Vermont Law School Raises Record 18.4 Million in Capital Campaign
July 9, 2012
Vermont Law School President and Dean Jeff Shields and Matt Rizzo, executive director of VLS's Office of Institutional Advancement, on Tuesday announced the successful completion of the largest capital campaign in the school's history.
The three-year campaign, which ended June 30, raised $18.4 million, surpassing the goal of $15 million by more than 20 percent. The money will contribute to a wide range of projects, many directly supporting VLS's top-ranked environmental program and its top-tier clinical programs. Funding came from nearly 3,000 supporters, including Vermont's congressional delegation --U.S. Sen. Patrick Leahy, U.S. Sen. Bernie Sanders and U.S. Rep. Peter Welch -- who were instrumental in making the campaign a success.
"I am heartened by the breadth of support we received during this campaign," said Shields. "This was a team effort on behalf of Vermont Law School by many people who recognize what we do for the state of Vermont, for our students and for the advancement of the rule of law at home and abroad. We received terrific help from alumni, parents, friends, the bar, students, foundations, faculty, institutional supports and our congressional delegation. I especially want to single out Jimmy Hanson, our Board capital campaign chair, and Ed Mattes, the chair of our Board, for their first-rate leadership of a Board that unanimously participated in this campaign. Matt Rizzo led a top-notch team in Institutional Advancement, and I am also grateful for the hard work of our campaign co-director, Dorothy Heinrichs. Our campus leadership on this campaign was crucial to its success."
The campaign was launched by a key gift from Trustee Fran Yates that helped purchase the former Freck's department store in South Royalton. The building, which is on the National Register of Historic Places, was renamed the Center for Legal Services and was renovated with the strict environmental standards for which VLS is known. The Center is one of the largest buildings on the 16-building campus and houses the South Royalton Legal Clinic (SRLC), the Environmental and Natural Resources Law Clinic (ENRLC), other clinical programs and the school's book store.
Professor Margaret Barry, associate dean for Clinical and Experiential Programs, said: "Now we have an exceptional clinical education space for our excellent clinical programs." Clinical work in the building will include immigration law, family law and general poverty law through the South Royalton Legal Clinic, and environmental law through the Environmental and Natural Resources Law Clinic.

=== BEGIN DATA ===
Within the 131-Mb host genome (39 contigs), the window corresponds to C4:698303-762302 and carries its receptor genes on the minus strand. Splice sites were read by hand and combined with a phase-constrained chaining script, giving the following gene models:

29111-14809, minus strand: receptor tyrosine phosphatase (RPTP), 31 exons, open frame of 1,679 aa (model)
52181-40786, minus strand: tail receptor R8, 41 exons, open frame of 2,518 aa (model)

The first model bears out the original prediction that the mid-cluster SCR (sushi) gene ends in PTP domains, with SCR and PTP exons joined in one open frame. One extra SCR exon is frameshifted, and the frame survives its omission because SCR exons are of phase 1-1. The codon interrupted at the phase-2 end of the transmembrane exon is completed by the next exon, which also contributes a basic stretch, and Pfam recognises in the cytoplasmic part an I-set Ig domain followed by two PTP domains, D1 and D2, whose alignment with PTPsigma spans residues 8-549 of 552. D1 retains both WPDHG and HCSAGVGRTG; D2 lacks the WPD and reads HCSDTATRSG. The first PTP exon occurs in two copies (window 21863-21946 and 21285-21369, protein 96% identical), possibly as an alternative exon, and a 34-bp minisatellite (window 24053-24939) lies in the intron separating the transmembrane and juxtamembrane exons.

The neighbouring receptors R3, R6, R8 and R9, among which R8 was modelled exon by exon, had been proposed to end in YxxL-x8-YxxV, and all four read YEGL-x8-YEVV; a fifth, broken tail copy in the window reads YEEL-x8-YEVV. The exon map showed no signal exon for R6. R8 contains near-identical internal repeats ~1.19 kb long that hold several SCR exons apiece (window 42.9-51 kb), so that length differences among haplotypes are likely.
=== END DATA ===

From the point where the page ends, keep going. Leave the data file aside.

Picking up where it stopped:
Shields said Sen. Leahy helped to secure key federal funding for the SRLC and the U.S.-China Partnership for Environmental Law, which is strengthening environmental rule of law in China through cooperative programs with several of China's top law schools. Sen. Sanders also secured key federal funding for VLS's clinical programs, and Rep. Welch was instrumental in obtaining funding for the Institute for Energy and the Environment to provide legal and policy analysis of smart grid technology, said Shields.
The campaign also secured several million dollars for general support and endowment. "To raise this amount of money in these very difficult financial times is quite amazing," said Board Chairman Edward C. Mattes, Jr. '83. "It required a very broad effort with all hands on deck. Clearly, there is tremendous recognition of the importance of the work of the law school."
The campaign was chaired by Trustee James E. Hanson '83, who led the process of setting environmental programs, campus infrastructure, clinical opportunities and student aid as the campaign's priorities. "For a school of this size and age to exceed its very ambitious fundraising goal in what was a terrible time to be raising money is quite remarkable," said Hanson, a New Jersey real estate finance and management executive. "I am most excited about the opportunities this effort provides our students -- more robust programs, more scholarship money, wonderful new buildings.
Shields will retire Aug. 1 and teach law next year at Cambridge University.VLS's incoming president and dean, Professor Marc Mihaly, said: "It is wonderful to start my deanship at a time when such a large part of the VLS community has tangibly expressed its support for what is going on here. We will put these resources to good use as VLS continues to lead the way in so many areas of legal education and research."
Funds raised: $18.4 million
Participation by Trustees: 100 percent
Number of alumni making gifts: 1,745
Parents making gifts: 923
Foundations making gifts: 52